Merkel Cell Carcinoma Update: The Case for Two Tumours.
A Nirenberg; H Steinman; J Dixon; A Dixon
Merkel cell carcinoma (MCC) is an aggressive tumour with neuroendocrine differentiation. Clinically significant differences within the entity we know as MCC are apparent. This review aims to evaluate the evidence for differences in tumours within Merkel cell carcinoma and to stratify these. A literature search of research pertaining to various characteristics MCC was undertaken from 1972, when Merkel cell carcinoma was first described, to 2018, using PubMed and similar search engines. 41 papers were analysed, including clinical trials, laboratory-based research and reviews. A proportion of MCC has Merkel cell polyomavirus genome integrated (MCPyV+) while others do not (MCPyV-negative). Both types have a different mutation burden. MCPyV+ tumours are likely true neuroendocrine carcinomas, with a dermal origin, probably from fibroblasts which have been transformed by integration of the viral genome. MCPyV-negative tumours are likely derived from either keratinocytes or epidermal stem cells, are probably squamous cell carcinomas with neuroendocrine differentiation, and are related to sun damage. Prognostic factors (apart from tumour stage) include the MCPyV status, with MCPyV+ tumours having a better prognosis. P63 expression confers a worse prognosis in most studies. CD8+ lymphocytes play an important role, providing a possible target for PD1/PD-L1 blockade treatment. The incidence of MCC varies from country to country. Countries such as Australia have a high rate and a far greater proportion of MCPyV-negative tumours than places such as the United Kingdom. MCC doubtlessly encompasses two tumours. There is with demonstrated differences relevance regarding prognosis and management. One is a neuroendocrine carcinoma related to MCPyV integration likely derived from fibroblasts, and the other is a UV-related squamous cell carcinoma with neuroendocrine differentiation, presumptively derived from either keratinocytes or epidermal stem cells. We propose naming the former Merkel type sarcoma and the latter squamous cell carcinoma, Merkel type.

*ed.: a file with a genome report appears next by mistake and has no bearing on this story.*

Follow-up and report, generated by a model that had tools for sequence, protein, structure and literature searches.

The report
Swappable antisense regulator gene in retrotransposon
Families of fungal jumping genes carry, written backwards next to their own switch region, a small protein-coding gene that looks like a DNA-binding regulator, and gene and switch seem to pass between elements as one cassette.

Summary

|Journal||JOURNAL OF THE EUROPEAN ACADEMY OF DERMATOLOGY AND VENEREOLOGY : JEADV|
|Published||19 Dec 2019|
|Type||Journal Article | Review|